The 5% Factor: 5% Faster jobs = More profit! (part 3 of 3)

How can you make your jobs finish only five or ten percent faster? Many of these critical scheduling factors can cause major delays:

– permits
– procurement
– submittals
– approvals
– material selections
– long lead items
– probable delays
– potential problems
– anticipated conflicts
– critical decisions
– phasing issues

 Time is easy money!
Those major factors can cause your projects to take longer. But we are looking for the little things that really cost you money. When you don’t focus on faster, it doesn’t happen and you let your crews go with the flow. When you focus on speed, you get the whole team moving faster and becoming more efficient. When you start every project, get the easy money flowing by getting your supervisor and crew together. Explain the projected and budgeted schedule. And then ask them to brainstorm ideas how they can improve the schedule by a minimum 5% to 10%. Explain to them how 5% faster will translate into dollars and will keep your company competitive in the tougher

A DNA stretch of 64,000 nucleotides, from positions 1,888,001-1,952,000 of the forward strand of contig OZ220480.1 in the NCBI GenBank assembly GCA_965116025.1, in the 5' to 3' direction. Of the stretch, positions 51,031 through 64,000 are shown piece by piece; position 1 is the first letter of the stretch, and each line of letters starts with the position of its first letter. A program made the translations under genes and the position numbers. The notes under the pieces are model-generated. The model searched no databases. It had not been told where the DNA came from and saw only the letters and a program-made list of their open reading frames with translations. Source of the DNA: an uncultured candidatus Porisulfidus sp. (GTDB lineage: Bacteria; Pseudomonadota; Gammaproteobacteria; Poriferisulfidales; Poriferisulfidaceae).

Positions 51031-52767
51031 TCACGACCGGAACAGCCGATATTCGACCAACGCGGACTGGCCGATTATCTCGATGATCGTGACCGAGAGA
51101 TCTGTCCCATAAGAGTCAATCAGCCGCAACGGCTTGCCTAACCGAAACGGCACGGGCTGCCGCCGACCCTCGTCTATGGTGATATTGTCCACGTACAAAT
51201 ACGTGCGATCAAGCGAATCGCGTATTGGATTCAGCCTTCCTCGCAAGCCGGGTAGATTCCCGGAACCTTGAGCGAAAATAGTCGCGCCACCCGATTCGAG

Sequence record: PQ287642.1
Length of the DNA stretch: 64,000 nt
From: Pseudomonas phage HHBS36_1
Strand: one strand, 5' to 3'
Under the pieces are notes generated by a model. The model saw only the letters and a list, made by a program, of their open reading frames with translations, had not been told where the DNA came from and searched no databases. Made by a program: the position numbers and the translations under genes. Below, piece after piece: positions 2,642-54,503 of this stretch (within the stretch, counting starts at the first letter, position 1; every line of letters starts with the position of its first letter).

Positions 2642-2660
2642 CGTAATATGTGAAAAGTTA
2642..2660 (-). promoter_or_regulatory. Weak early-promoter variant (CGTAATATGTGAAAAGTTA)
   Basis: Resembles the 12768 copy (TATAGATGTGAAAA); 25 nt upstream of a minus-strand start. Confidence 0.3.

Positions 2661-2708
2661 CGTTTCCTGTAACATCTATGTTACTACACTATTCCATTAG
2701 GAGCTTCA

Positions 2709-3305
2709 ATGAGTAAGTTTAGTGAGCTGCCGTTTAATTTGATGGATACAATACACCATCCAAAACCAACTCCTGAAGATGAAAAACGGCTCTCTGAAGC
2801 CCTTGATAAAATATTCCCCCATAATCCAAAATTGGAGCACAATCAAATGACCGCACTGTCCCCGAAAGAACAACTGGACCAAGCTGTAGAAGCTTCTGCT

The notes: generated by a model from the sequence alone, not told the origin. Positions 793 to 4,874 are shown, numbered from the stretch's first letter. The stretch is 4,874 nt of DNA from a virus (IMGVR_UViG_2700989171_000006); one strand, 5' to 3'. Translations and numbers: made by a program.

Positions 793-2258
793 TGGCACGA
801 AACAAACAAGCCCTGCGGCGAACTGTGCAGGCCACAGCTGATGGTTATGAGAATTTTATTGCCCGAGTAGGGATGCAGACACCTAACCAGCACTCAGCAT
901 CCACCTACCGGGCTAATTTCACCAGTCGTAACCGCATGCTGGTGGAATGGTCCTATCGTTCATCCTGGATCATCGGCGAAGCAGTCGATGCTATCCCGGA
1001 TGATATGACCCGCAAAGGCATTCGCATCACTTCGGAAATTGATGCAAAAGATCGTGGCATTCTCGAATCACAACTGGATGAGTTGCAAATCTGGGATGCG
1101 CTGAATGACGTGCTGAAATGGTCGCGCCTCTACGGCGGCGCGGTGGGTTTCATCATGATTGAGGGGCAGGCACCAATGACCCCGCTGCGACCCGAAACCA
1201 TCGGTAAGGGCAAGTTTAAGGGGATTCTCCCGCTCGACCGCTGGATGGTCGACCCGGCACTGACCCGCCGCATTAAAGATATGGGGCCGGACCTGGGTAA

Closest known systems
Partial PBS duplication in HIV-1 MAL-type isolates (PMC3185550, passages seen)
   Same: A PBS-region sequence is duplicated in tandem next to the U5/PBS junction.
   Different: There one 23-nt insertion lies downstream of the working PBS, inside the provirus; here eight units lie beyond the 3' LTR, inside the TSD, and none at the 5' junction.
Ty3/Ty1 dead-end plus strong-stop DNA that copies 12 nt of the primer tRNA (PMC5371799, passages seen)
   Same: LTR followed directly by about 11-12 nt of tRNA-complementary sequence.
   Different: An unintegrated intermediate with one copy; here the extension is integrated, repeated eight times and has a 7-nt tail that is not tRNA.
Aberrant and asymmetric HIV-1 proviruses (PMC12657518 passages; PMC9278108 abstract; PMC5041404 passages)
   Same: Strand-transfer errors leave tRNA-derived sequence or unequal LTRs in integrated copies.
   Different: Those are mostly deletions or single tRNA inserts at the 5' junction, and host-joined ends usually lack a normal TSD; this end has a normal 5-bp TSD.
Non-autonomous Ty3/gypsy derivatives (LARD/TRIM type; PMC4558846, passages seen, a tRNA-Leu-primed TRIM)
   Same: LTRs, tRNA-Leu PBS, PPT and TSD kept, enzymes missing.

Squish the Schedule 5% or more!

Total projected sch. = 100 crew days
Total bud. @ $3,000 /day = $300,000
Beat the sch. by 5% = Save 5 days
Total crew savings = $15,000
Beat the sch. by 10% = Save 10 days
Total crew savings = $30,000

In addition to saving on your crew labor budget, the overall project will finish faster as well. You will save even more money concurrently on general conditions, equipment, clean-up, temporary facilities, and supervision costs. This money adds up fast!